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International Rescue Committee anticipates ‘secondary humanitarian crisis’ in Sudan


Drone footage shows clouds of black smoke over Bahri, also known as Khartoum North, Sudan, in this May 1, 2023 video obtained by REUTERS

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The International Rescue Committee anticipates “a secondary humanitarian crisis” as refugees pour into neighboring countries escaping the escalating conflict in Sudan.

The conflict between the Sudanese Armed Forces and the Rapid Support Forces (RSF) entered its 24th day on Monday as yet another cease-fire fell by the wayside earlier in the week.

U.S. Director of National Intelligence Avril Haines told a Senate hearing on Thursday that fighting is “likely to be protracted as both sides believe that they can win militarily and have few incentives to come to the negotiating table.”

Around 45 million people remain in Sudan, facing acute shortages of fuel, food, water and medical access. Multiple ceasefires have quickly dissolved into further violence, making it difficult for international bodies and NGOs to get humanitarian aid into the vast, sprawling country.

The IRC estimated that as of Wednesday, the conflict had displaced around 334,000 people within Sudan itself, while almost 65,000 were estimated to have moved over borders as refugees to neighboring countries.

“These countries are already of course struggling following ongoing conflict, and the failure of six rainy seasons in the Horn of Africa, which has already left many people food insecure or malnourished,” Madiha Raza, IRC senior global communications officer for Africa, told CNBC.

According to the IRC, 30,000 refugees have crossed the border from the Darfur region in western Sudan into Chad since April 15.

A further 15,000 have fled to South Sudan, many of whom are returnees that had previously fled their own country’s conflict south of the border, while several thousand have also crossed into Ethiopia.

DARFUR, Sudan – May 2, 2023: People inspect a destroyed medical storage in Nyala, the capital of South Darfur province, as deadly clashes between rival generals’ forces have entered their third week.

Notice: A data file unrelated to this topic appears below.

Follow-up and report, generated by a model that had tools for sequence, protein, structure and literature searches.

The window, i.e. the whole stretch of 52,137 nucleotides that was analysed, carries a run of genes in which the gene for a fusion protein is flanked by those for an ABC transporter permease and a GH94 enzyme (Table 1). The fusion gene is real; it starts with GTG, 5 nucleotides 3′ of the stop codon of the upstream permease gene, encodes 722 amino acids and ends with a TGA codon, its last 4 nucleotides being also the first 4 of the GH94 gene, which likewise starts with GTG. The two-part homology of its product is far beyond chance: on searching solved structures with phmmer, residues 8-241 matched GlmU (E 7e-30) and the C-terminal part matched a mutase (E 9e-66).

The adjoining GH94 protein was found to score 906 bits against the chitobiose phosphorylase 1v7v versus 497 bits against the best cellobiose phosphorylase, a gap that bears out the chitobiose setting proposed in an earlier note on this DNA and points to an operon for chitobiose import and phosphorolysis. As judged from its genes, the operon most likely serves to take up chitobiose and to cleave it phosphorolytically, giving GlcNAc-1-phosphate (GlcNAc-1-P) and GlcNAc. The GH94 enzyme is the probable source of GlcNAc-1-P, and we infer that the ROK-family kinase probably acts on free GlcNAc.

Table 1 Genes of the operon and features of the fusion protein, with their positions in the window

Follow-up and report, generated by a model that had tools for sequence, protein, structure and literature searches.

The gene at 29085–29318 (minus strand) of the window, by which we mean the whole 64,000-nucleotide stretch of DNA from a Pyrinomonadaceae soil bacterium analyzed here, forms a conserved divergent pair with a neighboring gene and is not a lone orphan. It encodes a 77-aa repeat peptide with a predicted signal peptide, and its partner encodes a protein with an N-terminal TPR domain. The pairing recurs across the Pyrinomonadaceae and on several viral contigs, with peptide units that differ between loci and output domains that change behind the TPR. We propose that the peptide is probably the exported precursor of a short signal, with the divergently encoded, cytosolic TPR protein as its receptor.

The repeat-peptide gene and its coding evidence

-/AFP via Getty Images

“These countries are refugee hosting communities and countries that need more support from the international community to be able to take and support the refugees that are coming over in the thousands,” Raza added.

The U.N. Refugee Agency has planned for a figure of 800,00 refugees if the conflict continues as expecting. These numbers include those traveling in dire conditions to neighboring Chad, South Sudan and Ethiopia.

“People are coming over traumatized, hungry. It’s extremely hot, and there’s an acute lack of water in those areas. It’s about 50 degrees centigrade (122 Fahrenheit). People are arriving extremely dehydrated and thirsty,” Raza said via videolink from Nairobi, Kenya.

She said a lack of fuel, food and pharmacy equipment has further driven up prices in a country that was already struggling before the escalation of violence.

“People within the country that are trapped inside don’t have the means or the access to get very basic provisions, so absolutely, we were anticipating a secondary humanitarian crisis,” Raza said.

“The longer this goes on, the longer it’s going to take to recover from economic shocks in countries which are susceptible to extreme instability.”

Darfur in the crossfire again

According to the IRC, most of the refugees crossing into Chad are women and children and are from Darfur. The organization is providing mobile health clinics, nutrition, protection and water, with many hospitals in the western region having been attacked or looted.

“People from farther afield are not actually able to cross because they’re getting attacked, killed or injured,” she added.

Darfur has been in the crossfire of conflict since 2003, after non-Arab groups rose-up against the Arab-led government of now-deposed dictator Omar al-Bashir. In response, Bashir sent in brutal Arab militias, known as the “Janjaweed.”

The Rapid Support Forces, led by Mohamed Hamdan Dagalo, known as “Hemedti,” emerged from the Janjaweed militia, and various Arab groups have seized on the instability created by the conflict in the country’s capital Khartoum to launch violent attacks.

The RSF has been in conflict with the Sudanese Armed Forces, led by General Abdel Fattah al-Burhan, since April 15, after a fragile power-sharing agreement between the two military factions broke down.

The two generals had been overseeing a planned transition back to civilian rule following a military coup in October 2021 that ousted civilian Prime Minister Abdalla Hamdok and dissolved the country’s government.

Sudanese refugees from the Tandelti area who crossed into Chad, in Koufroun, near Echbara, sit near temporary shelters on April 30, 2023 for an aid distribution.

Gueipeur Denis Sassou | Afp | Getty Images

Sudanese trying to escape the country cannot cross into Chad through Darfur because the area is currently held by different armed groups, explained Raza, meaning the movement of people into Chad from Sudan has “slowed down just because people from further afield are not able to make that journey.”

Fighting in Khartoum has also spread to other regions around the city such as Bahri and Omdurman.

Decades of conflict in Sudan has stifled the country’s growth, and pushed over half the population into poverty.

Several bloody civil wars hit Africa’s third-largest country, then overseen by Bashir, who ruled the country for over 30 years.

Both leaders now vying for control of the state’s military capabilities were generals under the Bashir regime, and rose from the ashes of his leadership after a coup unseated Bashir in 2019 following months of protests.



This story originally appeared on CNBC

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